Strider VR is an Intriguing New Omnidirectional Treadmill Solution

Strider VR uses a novel approach to omnidirectional treadmill design, using a rotatable ball array positioned above a traditional linear treadmill, combined with a Microsoft Kinect 2 sensor. The system is currently available as a development kit from German company Pathbender.

While most omnidirectional treadmills allow the user to physically rotate through a full 360 degrees, Strider VR’s Kinect-based system actively keeps your body facing the sensor, while giving the impression that you can turn freely. As described on the developer’s website, rotational and linear displacement generated by two DC motors ensure the user remains in the centre of the platform and in the same orientation. They claim this results in a “near perfect illusion of walking in a virtual world”.

The Strider VR concept is an interesting one, as it combines full-body tracking and unrestricted walking using a fairly simple mechanical solution, but the execution appears to have some drawbacks. One of the main challenges of this type of hardware is the interpretation of virtual movement. The system has to provide responsive virtual movement (based on what your legs are doing) while not misinterpreting the corrective ‘recentering’ motions as inputs, which could be particularly difficult in this case as it relies heavily on Kinect’s motion tracking.

As explained in the FAQ, the result of constant orientation correction is that movement is limited to walking, and the device is not suitable for fast-paced first person shooters or anything that requires strafing or quick turns. Multiple side-steps are not possible, as that would require an uncomfortable, fast rotation (through 90 degrees) of the top section to align with the conveyor belt. The user appears to be walking fairly gingerly in the footage above, particularly when attempting to change direction, despite having assistance from a harness, and the tracking accuracy of the feet seems shaky. However, this footage appears to show more confident (if still somewhat awkward) strides.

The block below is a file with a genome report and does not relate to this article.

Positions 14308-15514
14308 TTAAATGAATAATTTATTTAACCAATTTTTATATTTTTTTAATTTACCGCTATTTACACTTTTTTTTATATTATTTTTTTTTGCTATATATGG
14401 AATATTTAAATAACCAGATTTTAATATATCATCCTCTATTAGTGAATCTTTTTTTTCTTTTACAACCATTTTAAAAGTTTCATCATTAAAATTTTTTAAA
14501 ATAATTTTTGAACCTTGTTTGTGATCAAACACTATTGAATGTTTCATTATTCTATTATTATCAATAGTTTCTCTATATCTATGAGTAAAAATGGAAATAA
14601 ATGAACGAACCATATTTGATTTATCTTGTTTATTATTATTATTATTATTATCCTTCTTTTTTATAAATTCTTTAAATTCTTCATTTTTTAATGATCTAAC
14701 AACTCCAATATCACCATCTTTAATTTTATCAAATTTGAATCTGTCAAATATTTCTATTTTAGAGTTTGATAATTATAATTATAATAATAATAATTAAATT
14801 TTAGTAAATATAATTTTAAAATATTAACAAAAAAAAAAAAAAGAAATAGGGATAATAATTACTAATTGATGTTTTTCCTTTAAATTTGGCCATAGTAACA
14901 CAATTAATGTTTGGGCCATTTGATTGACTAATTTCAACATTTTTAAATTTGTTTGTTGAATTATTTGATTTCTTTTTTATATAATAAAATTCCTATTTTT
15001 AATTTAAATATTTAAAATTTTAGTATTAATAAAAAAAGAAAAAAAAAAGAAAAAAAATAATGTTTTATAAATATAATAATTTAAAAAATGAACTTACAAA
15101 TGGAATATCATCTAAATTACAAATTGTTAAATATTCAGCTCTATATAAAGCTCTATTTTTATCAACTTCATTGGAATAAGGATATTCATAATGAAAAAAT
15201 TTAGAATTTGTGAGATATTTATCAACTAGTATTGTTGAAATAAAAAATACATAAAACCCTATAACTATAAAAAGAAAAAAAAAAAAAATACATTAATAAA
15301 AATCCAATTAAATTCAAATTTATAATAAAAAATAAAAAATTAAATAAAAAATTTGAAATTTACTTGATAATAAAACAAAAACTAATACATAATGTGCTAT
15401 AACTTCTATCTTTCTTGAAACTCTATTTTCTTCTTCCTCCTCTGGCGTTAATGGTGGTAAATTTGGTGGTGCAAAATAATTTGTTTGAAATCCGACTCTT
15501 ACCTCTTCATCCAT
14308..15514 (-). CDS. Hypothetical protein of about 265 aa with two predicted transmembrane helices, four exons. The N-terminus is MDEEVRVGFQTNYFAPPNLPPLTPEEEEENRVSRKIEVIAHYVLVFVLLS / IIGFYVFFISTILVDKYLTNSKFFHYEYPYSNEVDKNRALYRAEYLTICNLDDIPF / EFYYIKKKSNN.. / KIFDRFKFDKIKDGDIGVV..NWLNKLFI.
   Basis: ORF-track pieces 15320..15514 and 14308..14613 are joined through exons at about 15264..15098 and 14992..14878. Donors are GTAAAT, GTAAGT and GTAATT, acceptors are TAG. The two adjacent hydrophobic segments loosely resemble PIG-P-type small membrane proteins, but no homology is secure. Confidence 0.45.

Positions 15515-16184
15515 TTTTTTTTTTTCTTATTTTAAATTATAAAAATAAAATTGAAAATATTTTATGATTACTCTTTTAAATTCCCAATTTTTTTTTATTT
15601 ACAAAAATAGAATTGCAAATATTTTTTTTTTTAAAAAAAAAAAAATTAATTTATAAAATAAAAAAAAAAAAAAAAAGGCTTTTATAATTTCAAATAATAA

Omnidirectional treadmill solutions for VR have struggled to gain traction in the consumer market, with even the successful Virtuix Omni becoming more relevant to the commercial sector. It appears that Pathbender is also positioning Strider VR towards commercial applications. Whether its motorised platform offers benefits above the low-friction surfaces of products like the Omni, Cyberith Virtualizer and Kat Walk remains to be seen.


This Impressive Short Film Was Drawn and Animated Entirely Inside of VR

As VR continues to grow, the tools of the medium continue to mature as well. In an impressive demonstration of what you can now create entirely from within VR, artist Nick Ladd has produced an impressive short film using Quill and ANIMVR.

Made by Ladd alone in just four days, the short film Escape was made in virtual reality by painting the environments and objects using Quill, while the animation and some effects were produced with Animvr. The end result is a short but impressive look at how VR content creation tools are becoming increasingly mature and enabling creators to achieve a unique look and feel in their work.

Quill, it seems, matches nicely with Ladd’s broadly stroked painterly style that’s evident in some of the non-VR works on his art blog. The environments he created for Escape use extreme color contrast as a sort of lighting for the film, instantly setting a strong mood.

And although you’re watching the film here as a ‘flat’ video, the assets and environments are made entirely in 3D; it wouldn’t be a stretch to adapt them to be viewed within VR itself.